Special Seminar - Daisy Kalra, PhD; Columbia University

Feb 23, 2024

03:30 PM - 04:30 PM

Van Allen Hall, 301

30 North Dubuque Street, Iowa City, IA 52242

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Daisy Kalra, PhD; Columbia University

Revolutionizing the search for new physics in LArTPC-based neutrino experiments with deep learning techniques

Daisy Kalra, PhD; Columbia University

Current and future-generation Liquid Argon Time Projection Chamber (LArTPC) detectors represent a great opportunity to search for rare, beyond-the-Standard Model (BSM) physics, e.g. baryon number violation. During operation, these detectors generate high-resolution images of particle interactions, making them well-suited for applying and leveraging deep learning (DL) techniques to search for rare signals within their data. This talk will focus on recent results from a DL-based analysis of MicroBooNE data, making use of a sparse convolutional neural network and event topology information to search for argon-bound neutron-antineutron transition-like signals, which demonstrate the capability of LArTPCs in achieving high signal efficiency and strong background rejection when leveraging advances in image analysis techniques. Furthermore, this talk will discuss ongoing research and development (R&D) aimed at developing data-driven data selection for the next-generation LArTPC detectors such as Deep Underground Neutrino Experiment (DUNE) and the proposed Gamma-Ray and AntiMatter Survey (GRAMS) experiments. A major challenge for these large-scale and/or high-resolution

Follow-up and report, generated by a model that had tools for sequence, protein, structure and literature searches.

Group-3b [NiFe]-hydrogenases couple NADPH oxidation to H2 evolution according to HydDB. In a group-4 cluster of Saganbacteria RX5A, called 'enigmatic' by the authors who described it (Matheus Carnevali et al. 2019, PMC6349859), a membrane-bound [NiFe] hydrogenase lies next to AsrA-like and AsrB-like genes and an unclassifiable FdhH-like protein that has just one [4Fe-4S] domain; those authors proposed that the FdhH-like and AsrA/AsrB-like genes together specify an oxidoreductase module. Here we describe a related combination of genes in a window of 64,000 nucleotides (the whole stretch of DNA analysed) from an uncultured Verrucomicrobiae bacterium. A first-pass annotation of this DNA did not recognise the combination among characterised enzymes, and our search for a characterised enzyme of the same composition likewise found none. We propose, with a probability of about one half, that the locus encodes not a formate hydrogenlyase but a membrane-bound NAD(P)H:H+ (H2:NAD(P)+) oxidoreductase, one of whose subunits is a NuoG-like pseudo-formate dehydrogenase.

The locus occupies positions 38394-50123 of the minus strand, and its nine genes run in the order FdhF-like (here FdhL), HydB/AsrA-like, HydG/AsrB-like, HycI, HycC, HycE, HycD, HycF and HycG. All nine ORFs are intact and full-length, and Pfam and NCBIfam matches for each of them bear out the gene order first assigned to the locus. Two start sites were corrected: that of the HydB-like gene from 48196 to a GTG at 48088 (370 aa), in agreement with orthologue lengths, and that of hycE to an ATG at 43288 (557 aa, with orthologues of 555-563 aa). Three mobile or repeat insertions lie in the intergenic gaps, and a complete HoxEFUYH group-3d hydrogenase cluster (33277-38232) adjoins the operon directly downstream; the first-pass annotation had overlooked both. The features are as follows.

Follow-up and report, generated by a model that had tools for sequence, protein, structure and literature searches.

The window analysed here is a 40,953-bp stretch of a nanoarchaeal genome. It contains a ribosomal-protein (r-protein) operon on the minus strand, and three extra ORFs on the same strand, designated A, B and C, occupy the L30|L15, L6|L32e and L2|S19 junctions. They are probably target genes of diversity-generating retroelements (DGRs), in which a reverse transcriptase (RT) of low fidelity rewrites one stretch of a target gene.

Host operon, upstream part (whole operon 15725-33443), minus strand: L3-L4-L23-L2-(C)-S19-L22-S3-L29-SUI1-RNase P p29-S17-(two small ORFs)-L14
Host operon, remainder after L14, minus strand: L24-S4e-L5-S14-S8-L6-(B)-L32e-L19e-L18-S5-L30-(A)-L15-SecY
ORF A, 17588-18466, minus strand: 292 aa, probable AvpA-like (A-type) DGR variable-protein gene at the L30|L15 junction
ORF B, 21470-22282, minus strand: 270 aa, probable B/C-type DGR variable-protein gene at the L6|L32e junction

detectors is to continually process their exorbitant data rates to search for rare and exotic signals. The objective of these R&D efforts is to develop real-time data selection schemes as well as offline data analysis for rare signals with very high accuracy and computational performance. Drawing from my own research experience, I will describe how these required advancements will enable sensitive searches for rare and exotic physics signals in the next-generation of liquid argon experiments.

Bio: Postdoctoral Research Scientist Daisy Kalra works on instrumentation R&D and searches for new physics with MicroBooNE, SBN, and DUNE. She is currently based at Fermilab and leading the commissioning of the SBND readout and data acquisition system, as well as TPC trigger development efforts on MicroBooNE and SBND.

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